I'm feeling so grateful to my growing Twitter community these days--they are a font of inspiration. After reading my posts on "When 'Helpful' Isn't," @janaejl1 suggested a "how-to" list for good listening. I loved that idea, so here is my stab at it!
First, let me explore my hypothesis on why we need a "how-to" list to begin with. I think that, as a culture, we get a "D" for our listening skills. I believe that this is particularly true when someone is discussing a painful subject. While there are many complicated reasons that people may not listen well, I think that all of the reasons tend to fall within two umbrellas:
1. Being overwhelmed. Sometimes a failure to listen reflects the tremendous pressure placed on us and on our time by our "try-to-do-it-all" lives. If your brain is on whether or not you turned on the crock-pot, filed that report properly AND paid the mortgage--you might not tune in enough to listen well. If you're struggling with your own stress or loss, you may not have the emotional energy to extend to someone else in pain. Most of us are coping with some degree of feeling overwhelmed.
2. Being too emotionally close. If you care about someone (a family member, friend, partner, etc), it can be intensely difficult to watch them feel pain. For most of us, our reflex reaction to a loved one in pain is to try to alleviate the pain. Unfortunately, this may not include creating space to allow the feeling.
These two umbrellas of listening interference are universal. Sometimes all of us are too overwhelmed to listen well. Sometimes we are simply too close to make space to hear someone's pain. These realities are part of why we need therapy as a support option. However, even if you are overwhelmed or emotionally close, there are still some basic steps you can take to be a more compassionate, engaged listener.
1. Listen. This may seem like a tongue-in-cheek point, but I'm very serious about it. Try an experiment for me. The next time you're in a group, just hang back and try to follow the conversations around you. How often do you see someone who is able to fully describe their feelings or experiences without being interrupted? My guess is: not often. Most of the time, in an effort to convey support, we jump in--with an interpretation, a comparison, or a consolation. While the intent may be be good, the result is that we don't actually make space to listen to one another. Try to make enough space for someone to fully express themselves.
2. Don't project. I think that this is a common mistake that we've all made. In an effort to show that we "get it," we compare our own experiences to the person we're listening to. We look for ways to show them that we understand because we've had a similar experience. The problem with this is that we often make this leap without actually hearing the person's experience (back to step one). As a result, instead of feeling heard, they feel shut down and invalidated.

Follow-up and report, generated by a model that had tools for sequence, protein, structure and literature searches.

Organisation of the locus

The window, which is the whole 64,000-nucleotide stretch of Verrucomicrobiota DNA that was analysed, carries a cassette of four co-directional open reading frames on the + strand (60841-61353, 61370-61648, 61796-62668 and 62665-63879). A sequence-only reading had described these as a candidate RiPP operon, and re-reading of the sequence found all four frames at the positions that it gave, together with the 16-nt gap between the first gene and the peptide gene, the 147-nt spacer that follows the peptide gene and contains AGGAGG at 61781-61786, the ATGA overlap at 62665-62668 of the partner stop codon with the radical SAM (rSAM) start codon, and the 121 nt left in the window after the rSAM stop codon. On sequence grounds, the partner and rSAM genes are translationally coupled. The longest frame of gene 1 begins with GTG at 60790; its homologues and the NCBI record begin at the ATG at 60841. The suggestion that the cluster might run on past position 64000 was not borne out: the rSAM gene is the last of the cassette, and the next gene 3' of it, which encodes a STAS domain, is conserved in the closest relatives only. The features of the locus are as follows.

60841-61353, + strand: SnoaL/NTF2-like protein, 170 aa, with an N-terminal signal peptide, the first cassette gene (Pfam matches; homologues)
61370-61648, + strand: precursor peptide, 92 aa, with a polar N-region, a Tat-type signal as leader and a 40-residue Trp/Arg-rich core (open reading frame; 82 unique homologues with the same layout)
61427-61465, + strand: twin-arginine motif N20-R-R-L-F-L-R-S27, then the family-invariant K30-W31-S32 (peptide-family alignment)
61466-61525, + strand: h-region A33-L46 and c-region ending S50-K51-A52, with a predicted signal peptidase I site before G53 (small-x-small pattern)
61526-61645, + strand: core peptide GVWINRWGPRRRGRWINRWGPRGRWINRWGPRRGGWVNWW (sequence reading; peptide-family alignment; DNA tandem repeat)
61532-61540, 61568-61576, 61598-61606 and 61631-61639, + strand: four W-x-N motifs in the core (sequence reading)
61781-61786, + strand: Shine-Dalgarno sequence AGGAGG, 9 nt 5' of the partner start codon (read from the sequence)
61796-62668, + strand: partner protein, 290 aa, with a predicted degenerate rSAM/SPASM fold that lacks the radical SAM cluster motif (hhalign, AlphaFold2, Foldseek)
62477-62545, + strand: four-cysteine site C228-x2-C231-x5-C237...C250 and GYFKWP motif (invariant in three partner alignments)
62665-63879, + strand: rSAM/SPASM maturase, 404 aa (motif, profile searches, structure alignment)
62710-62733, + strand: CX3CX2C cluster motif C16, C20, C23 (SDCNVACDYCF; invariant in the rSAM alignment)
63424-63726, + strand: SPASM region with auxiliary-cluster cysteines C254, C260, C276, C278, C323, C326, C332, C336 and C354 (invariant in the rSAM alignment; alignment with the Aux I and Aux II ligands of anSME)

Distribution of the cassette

3. Validate. I know, this is kind of psychologist jargon. Let me explain what I mean. When we validate someone, we respect that they are having a unique personal experience. We respect that they (not us) are the expert on their experience. We respect that their experience may be different in duration or frequency than our similar experience. Basically, we show, through our words and actions that it is acceptable for them to have any feelings that they are having--they don't need to "clean them up" or "make them socially acceptable."
4. Demonstrate compassion. I think that this step trips some people up. When we are faced with someone in huge pain, our words feel inadequate. That's because, often, words ARE inadequate. So, instead of trying to find the "right" words, a clear, simple expression of compassion is the most useful. That can be, "I'm sorry that you're feeling so sad today." Or it could be, "It makes sense that you feel so overwhelmed by this." (And now, some readers are saying, "But I want to HELP!" Hang in there--step five is coming.)
5. Ask what is needed. One of the classic blunders that I see in listening/supporting is that we often make assumptions about what the person in pain needs. The problem with these assumptions is that we're often pretty far off base. Because of this, I am a huge fan of asking directly, "What do you need right now?" Sometimes I ask the question with a multiple choice format, "Do you need to just vent, or do you need me to distract you, or do you need a hug?" The simple act of asking what is needed reminds both you and the person you're listening to that THEY know their needs best.
I hope this overview begins to open some discussions on how we can all listen to one another in a more supportive way. I'd love to hear more from you. What would you add to the list? Any listening "dos & don'ts"?